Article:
Atahuallpa expressed a desire that his remains might be transported to Quito, the place of his birth, to be preserved with those of his maternal ancestors. Then turning to Pizarro, as a last request, he implored him to take compassion on his young children, and receive them under his protection. Was there no other one in that dark company who stood grimly around him, to whom he could look for the projection of his offspring? Perhaps he thought there was no other so competent to afford it, and that the wishes so solemnly expressed in that hour might meet with respect even from his Conqueror. Then, recovering his stoical bearing, which for a moment had been shaken, he submitted himself calmly to his fate,–while the Spaniards, gathering around, muttered their _credos_ for the salvation his soul. Thus by the death of a vile malefactor perished the last of the Incas.

* * * * *

=_George Bancroft, 1800-._= (Manual, pp. 487, 491, 531.)

From the “History of the United States.”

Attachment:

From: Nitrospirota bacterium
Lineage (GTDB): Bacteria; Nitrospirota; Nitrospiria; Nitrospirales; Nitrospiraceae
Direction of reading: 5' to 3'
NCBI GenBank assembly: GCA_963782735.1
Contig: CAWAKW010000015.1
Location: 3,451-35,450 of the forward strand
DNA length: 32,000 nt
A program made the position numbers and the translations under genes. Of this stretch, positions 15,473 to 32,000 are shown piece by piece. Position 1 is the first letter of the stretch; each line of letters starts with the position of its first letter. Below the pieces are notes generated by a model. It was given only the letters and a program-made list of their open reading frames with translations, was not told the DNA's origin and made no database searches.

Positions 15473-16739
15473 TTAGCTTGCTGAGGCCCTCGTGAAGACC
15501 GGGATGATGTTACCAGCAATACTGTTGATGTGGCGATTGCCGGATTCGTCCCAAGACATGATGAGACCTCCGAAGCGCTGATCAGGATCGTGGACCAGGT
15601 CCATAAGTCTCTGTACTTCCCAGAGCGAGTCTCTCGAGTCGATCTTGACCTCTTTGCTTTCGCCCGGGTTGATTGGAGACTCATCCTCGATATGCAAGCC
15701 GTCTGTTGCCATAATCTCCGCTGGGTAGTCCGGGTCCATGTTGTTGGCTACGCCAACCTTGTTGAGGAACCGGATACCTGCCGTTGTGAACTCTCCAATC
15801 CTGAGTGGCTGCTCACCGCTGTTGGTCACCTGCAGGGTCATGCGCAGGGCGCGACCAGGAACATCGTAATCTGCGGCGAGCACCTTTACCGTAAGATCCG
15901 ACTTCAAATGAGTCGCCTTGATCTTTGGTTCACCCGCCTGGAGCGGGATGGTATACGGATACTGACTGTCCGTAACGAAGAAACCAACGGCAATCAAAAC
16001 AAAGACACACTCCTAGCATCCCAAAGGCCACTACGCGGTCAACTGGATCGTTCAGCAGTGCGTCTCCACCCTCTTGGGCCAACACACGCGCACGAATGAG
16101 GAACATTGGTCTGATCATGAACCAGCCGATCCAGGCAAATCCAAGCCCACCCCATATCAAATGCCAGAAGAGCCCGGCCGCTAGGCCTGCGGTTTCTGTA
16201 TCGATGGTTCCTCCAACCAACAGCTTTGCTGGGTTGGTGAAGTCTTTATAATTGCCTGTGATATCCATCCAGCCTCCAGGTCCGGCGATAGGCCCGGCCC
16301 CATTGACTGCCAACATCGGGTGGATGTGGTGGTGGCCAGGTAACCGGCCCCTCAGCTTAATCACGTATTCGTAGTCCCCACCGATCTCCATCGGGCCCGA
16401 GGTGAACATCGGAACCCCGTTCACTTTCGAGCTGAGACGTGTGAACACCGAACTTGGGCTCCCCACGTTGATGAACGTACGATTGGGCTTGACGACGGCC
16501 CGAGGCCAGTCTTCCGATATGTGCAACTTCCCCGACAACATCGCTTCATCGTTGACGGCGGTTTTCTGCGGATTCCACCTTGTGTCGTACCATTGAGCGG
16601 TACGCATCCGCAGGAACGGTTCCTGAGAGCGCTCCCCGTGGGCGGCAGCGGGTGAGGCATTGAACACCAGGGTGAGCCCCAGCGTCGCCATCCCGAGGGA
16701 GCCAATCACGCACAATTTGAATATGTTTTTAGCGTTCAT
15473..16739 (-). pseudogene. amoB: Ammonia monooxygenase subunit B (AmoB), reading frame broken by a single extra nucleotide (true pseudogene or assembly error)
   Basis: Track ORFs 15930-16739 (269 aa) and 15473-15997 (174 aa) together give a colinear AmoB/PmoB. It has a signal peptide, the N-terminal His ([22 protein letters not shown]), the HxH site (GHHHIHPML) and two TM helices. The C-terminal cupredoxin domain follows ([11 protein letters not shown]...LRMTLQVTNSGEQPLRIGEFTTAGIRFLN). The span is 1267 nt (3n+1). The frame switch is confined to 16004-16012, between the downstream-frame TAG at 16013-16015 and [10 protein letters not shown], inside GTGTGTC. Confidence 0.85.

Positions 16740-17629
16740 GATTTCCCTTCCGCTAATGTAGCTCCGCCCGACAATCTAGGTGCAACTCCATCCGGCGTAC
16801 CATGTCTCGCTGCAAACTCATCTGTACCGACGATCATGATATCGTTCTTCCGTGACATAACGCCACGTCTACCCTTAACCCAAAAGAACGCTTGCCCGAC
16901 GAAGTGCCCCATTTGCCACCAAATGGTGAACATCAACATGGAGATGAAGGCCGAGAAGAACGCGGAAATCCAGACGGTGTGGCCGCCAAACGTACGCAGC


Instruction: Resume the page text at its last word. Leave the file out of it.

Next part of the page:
The genial climate and transparent atmosphere delighted those who had come from the denser air of England. Every object in nature was new and wonderful. The loud and frequent thunder-storms were phenomena that had been rarely witnessed in the colder summers of the north; the forests, majestic in their growth, and free from underwood, deserved admiration for their unrivalled magnificence; the purling streams and the frequent rivers, flowing between alluvial banks, quickened the ever-pregnant soil into an unwearied fertility; the strangest and the most delicate flowers grew familiarly in the fields; the woods were replenished with sweet barks and odors; the gardens matured the fruits of Europe, of which the growth was invigorated and the flavor improved by the activity of the virgin mould. Especially the birds, with their gay plumage and varied melodies, inspired delight; every traveller expressed his pleasure in listening to the mocking-bird, which carolled a thousand several tunes, imitating and excelling the notes of all its rivals. The humming-bird, so brilliant in its plumage, and so delicate in its form, quick in motion, yet not fearing the presence of man, hunting about the flowers like the bee gathering honey, rebounding from the blossoms into which it dips its bill, and as soon returning “to renew its addresses to its delightful objects,” was ever admired as the smallest and the most beautiful of the feathered race. The rattlesnake, with the terrors of its alarms and the power of its venom; the opossum, soon to become as celebrated for the care of its offspring as the fabled pelican: the noisy frog, booming from the shallows like the English bittern; the flying squirrel; the myriads of pigeons, darkening the air with the immensity of their flocks, and, as men believed, breaking with their weight the boughs of trees on which they alighted,–were all honored with frequent commemoration, and became the subjects of the strangest tales. The concurrent relation of all the Indians justified the belief that, within ten days journey towards the setting of the sun, there was a country where gold might be washed from the sand, and where the natives themselves had learned the use of the crucible; but definite and accurate as were the accounts, inquiry was always baffled; and the regions of gold remained for two centuries an undiscovered land.